Psychological distress and death from cardiovascular disease

BMJ 2012; 345 doi: http://dx.doi.org/10.1136/bmj.e5177 (Published 31 July 2012) Cite this as: BMJ 2012;345:e5177
  1. Glyn Lewis, professor
  1. 1University of Bristol, Bristol BS8 2BN, UK
  1. glyn.lewis{at}bristol.ac.uk

May be related in a dose-response manner, but it is not clear how to intervene

The association between psychiatric disorders and cardiovascular disease is often reported in observational studies, but the question of reverse causation has always loomed large. In a linked research study (doi:10.1136/bmj.e4933), Russ and colleagues investigated the association between psychological distress and death from cardiovascular disease (recorded on death certificates) by examining data on more than 60 000 people from 10 large cohort studies based on the Health Surveys for England.1 The authors excluded early deaths (in the first five years of follow-up) and therefore the likelihood of reverse causation. Although the possibility of confounding can never be completely excluded, after adjusting for several “lifestyle” factors and cardiovascular disease risk factors, the authors still found a dose-response association between psychological distress and death from cardiovascular disease. These findings add to evidence that suggests a causal association between psychological distress and cardiovascular disease.

In the English health surveys used by Russ and colleagues, psychological distress was measured using the General Health Questionnaire (GHQ).2 This assessment of mental health status is widely used and shows good agreement with more detailed assessments of depression and anxiety, conditions that are best represented along a continuum of severity in population studies.3 No obvious point separates people who report symptoms of depression or anxiety that meet diagnostic criteria from those who report similar symptoms below the diagnostic threshold. The current study found that an increased risk of cardiovascular disease exists along the whole of this continuum in a dose-response manner. Forty per cent of the sample scored at least 1 on the GHQ, and an association with subsequent death from cardiovascular disease was seen even at these low scores. The prevalence of depression and anxiety disorders is about 7.5% in the United Kingdom.4 It is now clear that an association between psychological distress and cardiovascular disease exists well below the threshold that would lead to a diagnosis of depression or anxiety or require specific treatment.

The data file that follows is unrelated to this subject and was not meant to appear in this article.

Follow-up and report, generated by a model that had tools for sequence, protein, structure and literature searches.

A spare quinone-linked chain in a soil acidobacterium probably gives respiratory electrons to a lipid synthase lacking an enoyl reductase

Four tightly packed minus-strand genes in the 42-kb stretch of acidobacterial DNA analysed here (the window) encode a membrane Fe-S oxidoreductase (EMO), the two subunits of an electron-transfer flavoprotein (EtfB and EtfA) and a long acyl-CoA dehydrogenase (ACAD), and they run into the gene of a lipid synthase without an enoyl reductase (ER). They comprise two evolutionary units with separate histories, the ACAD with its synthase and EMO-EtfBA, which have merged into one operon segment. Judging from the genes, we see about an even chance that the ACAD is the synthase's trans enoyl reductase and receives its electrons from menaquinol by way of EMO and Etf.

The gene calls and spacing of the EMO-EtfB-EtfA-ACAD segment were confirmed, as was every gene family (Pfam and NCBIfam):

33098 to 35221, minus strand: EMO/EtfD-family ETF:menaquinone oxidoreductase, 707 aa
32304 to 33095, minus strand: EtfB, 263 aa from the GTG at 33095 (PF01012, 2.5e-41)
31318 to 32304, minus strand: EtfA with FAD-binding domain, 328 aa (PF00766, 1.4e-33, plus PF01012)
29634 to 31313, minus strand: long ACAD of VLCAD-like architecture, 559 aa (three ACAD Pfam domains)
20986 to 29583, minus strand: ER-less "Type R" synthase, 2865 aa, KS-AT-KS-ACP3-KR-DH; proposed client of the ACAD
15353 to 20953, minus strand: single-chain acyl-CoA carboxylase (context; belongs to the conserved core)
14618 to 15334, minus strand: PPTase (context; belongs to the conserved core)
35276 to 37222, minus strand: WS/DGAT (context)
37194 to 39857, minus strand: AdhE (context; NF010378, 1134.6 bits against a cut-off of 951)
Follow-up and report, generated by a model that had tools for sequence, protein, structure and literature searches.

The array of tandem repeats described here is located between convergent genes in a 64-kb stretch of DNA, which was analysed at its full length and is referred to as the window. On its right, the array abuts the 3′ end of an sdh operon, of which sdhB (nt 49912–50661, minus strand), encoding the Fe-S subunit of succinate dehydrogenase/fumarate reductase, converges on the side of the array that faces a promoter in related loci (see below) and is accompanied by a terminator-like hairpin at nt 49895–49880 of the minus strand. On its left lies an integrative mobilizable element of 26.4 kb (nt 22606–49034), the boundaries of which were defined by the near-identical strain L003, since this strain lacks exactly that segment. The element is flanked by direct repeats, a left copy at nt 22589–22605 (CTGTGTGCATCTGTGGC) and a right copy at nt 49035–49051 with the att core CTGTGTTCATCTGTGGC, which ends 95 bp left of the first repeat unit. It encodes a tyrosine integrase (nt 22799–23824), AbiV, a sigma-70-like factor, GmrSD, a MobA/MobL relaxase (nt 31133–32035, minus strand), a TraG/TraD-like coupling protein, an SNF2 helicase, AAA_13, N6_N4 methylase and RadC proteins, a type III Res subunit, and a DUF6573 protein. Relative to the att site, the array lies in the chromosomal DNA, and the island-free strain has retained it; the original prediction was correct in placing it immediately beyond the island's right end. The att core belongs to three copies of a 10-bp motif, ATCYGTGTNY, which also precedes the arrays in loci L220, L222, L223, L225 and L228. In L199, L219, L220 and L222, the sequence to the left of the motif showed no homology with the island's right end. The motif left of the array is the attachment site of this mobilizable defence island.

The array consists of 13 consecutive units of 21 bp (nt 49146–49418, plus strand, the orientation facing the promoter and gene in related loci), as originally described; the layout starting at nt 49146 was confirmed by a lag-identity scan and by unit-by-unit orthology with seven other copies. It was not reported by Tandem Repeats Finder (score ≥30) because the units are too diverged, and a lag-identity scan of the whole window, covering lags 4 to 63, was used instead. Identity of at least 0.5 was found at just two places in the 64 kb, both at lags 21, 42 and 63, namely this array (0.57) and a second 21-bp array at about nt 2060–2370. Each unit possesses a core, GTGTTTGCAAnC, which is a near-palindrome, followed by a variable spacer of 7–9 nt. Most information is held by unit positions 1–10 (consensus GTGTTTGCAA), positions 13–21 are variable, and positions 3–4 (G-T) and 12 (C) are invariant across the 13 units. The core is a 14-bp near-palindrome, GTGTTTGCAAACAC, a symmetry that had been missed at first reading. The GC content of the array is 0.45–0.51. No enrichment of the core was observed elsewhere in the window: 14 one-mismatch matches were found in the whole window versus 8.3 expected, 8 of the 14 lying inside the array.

Several plausible mechanisms might explain how psychological stress can lead to cardiovascular events.5 6 The stress response involves the hypothalamus-pituitary-adrenal axis and the autonomic system; changes in inflammatory cytokines might also be implicated. What is the difference, if any, between stress and psychological distress? Stress is usually defined as the response of an organism to external stressors. One idea that has gained popularity is that the physiological and psychological responses to psychological stressors are designed to protect the organism but that the body’s response can also have harmful effects on health.7 It seems reasonable to hypothesise that not “coping” with psychological stressors will lead to symptoms of depression and anxiety; in other words, psychological distress and psychological stress are the same thing. Using the GHQ or other similar measures to assess sub-threshold symptoms at a given time point may be one way of assessing stress levels. It is also important to distinguish between acute and more chronic forms of stress.5 6 Watching the English football team lose a penalty shootout, which has also been associated with cardiovascular events,8 may be acutely stressful. The stress measured by the GHQ is more likely to be chronic.